Volume 73, Number 37 | January 14 - 20, 2004

Scoopy’s notebook

Memorial overload: East Villager Michael Arad must be elated that his double-pool “Reflecting Absence” design was picked for the 9/11 Trade Center memorial. But Howard Marder, a spokesperson at the New York City Housing Authority, the designer’s employer, is feeling overwhelmed by calls from the media to interview the Israeli native. Arad is under a gag order by the Lower Manhattan Development Corp. until Wednesday’s press event. “I’ve been getting calls from around the globe,” Marder said last week. “Everyone wants to talk to Michael. But he can’t talk to anybody. Believe me, it would be a lot easier if he could.” Arad was in California last week working with a landscape architect on final details of the plan.

Comfy in Kimmel: Community Board 2 will hold its full board meeting Jan. 22, at 6:30 p.m. in, yes, New York University’s Kimmel Center on Washington Sq. S. at LaGuardia Pl., ninth floor. So, it seems C.B. 2 will not be boycotting the Kimmel Center after all, despite the fact that it was fought by a community lawsuit and is generally despised for its non-contextual architecture, unattractive butterscotch color and overly large presence on the park’s southern edge. In fact, Jim Smith, C.B. 2’s chairperson, said the board likes it, at least the ninth floor: “As someone put it, it’s got that new car smell. It’s really nice.”… C.B. 3 meets Jan. 27 at good old P.S. 20, 166 Essex St., 6:30 p.m.

‘Ass’ and you might not receive: Parks Commissioner Adrian Benepe didn’t take kindly to Aubrey Lees’ C.B. 2 Parks Committee resolution a few weeks ago, in which she told the department, none too subtly, to hurry up already and reinstall the late Bob Bolles’ scrap-metal sculptures at the Broome and Watts Sts. park triangle. “Get off their fat asses…” Benepe mused at one point during a recent interview with The Villager, with the “well, well, well…” all but uttered. “As a late Christmas gift, we’re going to send her a copy of ‘How To Win Friends and Influence People,’ ” the commissioner quipped, “or maybe a book by Miss Manners.” Benepe said the department favors a temporary installation, but that, if Bolles’ supporters insist on bringing some back permanently, they must go through “the normal channels,” i.e., the Art Commission, for approval. “I stick by it,” Lees said of her comment, in, er, hind sight. “People in the community feel very strongly about the sculptures and Bob Bolles’ legacy and they were not made aware of these rules and regulations when [the sculptures were removed] a few years ago.” As for a gift, Lees said, “I think I would rather have Walter Isaacson’s biography of Benjamin Franklin. It’s on the bestseller list.”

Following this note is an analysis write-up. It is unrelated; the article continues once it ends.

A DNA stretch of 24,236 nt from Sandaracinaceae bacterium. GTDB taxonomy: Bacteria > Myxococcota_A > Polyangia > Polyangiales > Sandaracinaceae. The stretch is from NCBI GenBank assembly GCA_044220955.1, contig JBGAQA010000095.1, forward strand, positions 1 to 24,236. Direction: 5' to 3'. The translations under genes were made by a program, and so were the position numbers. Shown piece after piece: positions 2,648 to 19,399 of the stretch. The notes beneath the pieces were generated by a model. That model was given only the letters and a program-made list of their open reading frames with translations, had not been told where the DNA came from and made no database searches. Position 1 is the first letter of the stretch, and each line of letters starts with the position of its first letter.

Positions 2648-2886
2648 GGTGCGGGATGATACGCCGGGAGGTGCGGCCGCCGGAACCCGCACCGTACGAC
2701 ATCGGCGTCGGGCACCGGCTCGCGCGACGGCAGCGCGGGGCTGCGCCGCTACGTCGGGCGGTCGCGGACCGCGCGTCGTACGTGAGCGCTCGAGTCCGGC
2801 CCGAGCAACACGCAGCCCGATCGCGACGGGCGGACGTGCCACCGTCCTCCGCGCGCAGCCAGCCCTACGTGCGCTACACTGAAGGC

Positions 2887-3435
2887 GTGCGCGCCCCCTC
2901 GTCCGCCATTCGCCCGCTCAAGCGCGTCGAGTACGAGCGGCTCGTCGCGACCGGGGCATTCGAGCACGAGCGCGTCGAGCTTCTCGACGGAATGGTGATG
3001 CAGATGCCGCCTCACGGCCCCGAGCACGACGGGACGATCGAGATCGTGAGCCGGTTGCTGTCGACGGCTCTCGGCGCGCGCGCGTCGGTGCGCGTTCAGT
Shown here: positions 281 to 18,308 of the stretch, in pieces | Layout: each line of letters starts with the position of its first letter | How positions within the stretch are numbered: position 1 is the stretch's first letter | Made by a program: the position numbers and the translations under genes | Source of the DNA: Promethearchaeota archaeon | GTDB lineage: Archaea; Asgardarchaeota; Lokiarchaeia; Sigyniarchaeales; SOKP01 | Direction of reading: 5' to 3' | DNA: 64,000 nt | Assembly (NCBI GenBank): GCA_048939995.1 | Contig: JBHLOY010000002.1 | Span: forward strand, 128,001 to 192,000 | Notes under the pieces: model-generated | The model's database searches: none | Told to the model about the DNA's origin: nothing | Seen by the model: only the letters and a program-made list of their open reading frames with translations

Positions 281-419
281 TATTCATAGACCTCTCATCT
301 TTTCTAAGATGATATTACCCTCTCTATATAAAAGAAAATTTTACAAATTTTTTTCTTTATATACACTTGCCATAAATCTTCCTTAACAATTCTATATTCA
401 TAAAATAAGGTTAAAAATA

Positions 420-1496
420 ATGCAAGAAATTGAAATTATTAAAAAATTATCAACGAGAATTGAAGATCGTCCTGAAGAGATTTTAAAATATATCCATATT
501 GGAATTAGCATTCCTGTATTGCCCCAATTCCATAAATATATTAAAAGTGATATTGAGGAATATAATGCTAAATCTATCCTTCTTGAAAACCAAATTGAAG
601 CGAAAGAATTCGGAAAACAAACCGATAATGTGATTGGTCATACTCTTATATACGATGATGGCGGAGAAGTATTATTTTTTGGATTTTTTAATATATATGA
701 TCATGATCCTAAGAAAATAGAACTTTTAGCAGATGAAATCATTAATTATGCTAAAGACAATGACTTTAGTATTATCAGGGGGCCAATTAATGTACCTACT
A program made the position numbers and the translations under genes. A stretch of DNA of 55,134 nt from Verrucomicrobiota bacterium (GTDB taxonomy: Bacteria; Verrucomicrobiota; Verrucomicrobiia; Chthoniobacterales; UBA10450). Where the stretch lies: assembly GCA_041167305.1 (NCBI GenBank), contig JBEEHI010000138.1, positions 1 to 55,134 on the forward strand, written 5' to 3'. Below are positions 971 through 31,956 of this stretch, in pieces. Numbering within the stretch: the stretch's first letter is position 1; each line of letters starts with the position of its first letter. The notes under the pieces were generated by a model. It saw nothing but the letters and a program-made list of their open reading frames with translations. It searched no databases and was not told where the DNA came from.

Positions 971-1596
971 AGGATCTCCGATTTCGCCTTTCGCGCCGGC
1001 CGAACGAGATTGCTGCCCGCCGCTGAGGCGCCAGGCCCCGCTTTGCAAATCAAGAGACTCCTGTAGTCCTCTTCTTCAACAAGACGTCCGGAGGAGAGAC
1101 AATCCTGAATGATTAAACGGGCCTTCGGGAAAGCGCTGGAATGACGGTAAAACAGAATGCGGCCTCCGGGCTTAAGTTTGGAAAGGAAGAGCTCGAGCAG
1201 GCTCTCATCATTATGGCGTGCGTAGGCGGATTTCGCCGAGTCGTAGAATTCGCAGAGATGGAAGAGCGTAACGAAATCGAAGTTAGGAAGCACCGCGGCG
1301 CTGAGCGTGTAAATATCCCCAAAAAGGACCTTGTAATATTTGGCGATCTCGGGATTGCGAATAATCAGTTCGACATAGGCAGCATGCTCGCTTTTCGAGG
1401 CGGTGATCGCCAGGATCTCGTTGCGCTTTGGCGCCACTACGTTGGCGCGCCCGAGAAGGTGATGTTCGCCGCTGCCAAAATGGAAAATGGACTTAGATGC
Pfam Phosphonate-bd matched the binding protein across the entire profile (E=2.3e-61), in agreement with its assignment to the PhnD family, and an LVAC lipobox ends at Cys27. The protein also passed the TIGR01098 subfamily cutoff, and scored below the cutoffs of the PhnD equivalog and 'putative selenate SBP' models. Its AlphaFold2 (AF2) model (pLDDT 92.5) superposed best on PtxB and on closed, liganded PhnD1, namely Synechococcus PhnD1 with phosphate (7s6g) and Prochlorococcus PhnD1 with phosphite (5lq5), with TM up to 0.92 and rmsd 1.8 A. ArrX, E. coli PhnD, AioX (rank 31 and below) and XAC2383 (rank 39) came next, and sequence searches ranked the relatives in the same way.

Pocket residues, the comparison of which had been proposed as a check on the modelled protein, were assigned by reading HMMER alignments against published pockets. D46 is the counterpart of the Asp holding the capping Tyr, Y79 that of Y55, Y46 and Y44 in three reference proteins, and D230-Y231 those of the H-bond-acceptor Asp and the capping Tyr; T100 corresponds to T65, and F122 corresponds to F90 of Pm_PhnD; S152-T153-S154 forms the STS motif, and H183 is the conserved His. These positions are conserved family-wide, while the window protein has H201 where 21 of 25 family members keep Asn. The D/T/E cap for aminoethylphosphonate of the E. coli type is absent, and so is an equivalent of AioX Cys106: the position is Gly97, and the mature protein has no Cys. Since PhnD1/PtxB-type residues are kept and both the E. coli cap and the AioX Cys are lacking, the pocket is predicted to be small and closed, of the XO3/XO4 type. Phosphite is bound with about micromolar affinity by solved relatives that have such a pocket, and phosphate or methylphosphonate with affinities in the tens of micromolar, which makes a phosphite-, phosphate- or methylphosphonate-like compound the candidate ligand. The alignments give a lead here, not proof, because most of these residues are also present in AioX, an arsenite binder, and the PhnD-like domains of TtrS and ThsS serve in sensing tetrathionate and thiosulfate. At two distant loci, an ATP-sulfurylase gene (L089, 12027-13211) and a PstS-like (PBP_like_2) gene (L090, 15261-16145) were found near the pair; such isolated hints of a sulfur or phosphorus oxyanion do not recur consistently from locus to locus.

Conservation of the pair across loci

V.I.D. split by 3: Chad Marlow, president of Village Independent Democrats, said V.I.D.’s open roundtable discussion last week on the Democratic presidential candidates and strategy on how to beat Bush went well. “The discussion was very well considered and cordial, because I think we all realize that we would support any of the candidates against Bush,” Marlow said. “My sense is that the club is equally split between Dean, Clark and Kerry.”

D.A.? Mama mia: We hear Arnie Kriss, who represents the Little Italy Merchants Association and oversees the San Gennaro Feast for the city, may run for district attorney in Brooklyn. Trying to broker peace in the Little Italy feast and mall feuds, has no doubt left Kriss well equipped for anything he’d encounter as D.A.

No Brownie points: David McWater, vice president of the New York Nightlife Association, tells us that last month he sold out his ownership of Opaline at 85 Avenue A to his partner, Ricky Mercado. McWater’s original plan in buying the hip dance club had been to do a swap with Brownie’s at 169 Avenue A, under which he’d remake the live music venue as a bar. But it didn’t work out.

Good as Gold: Two names were inadvertently cut from Ed Gold’s new year’s wishes column last week. “Max Schneider: An N.Y.U. sweater to go with his hardhat.” “Josh Vogel: His song, ‘I Flunked Adultery’ goes to the top of the charts.” (P.S., Max’s granddad, Ron, was head of Community School Board 2, and Vogel is husband of former City Councilmember Carol Greitzer.)


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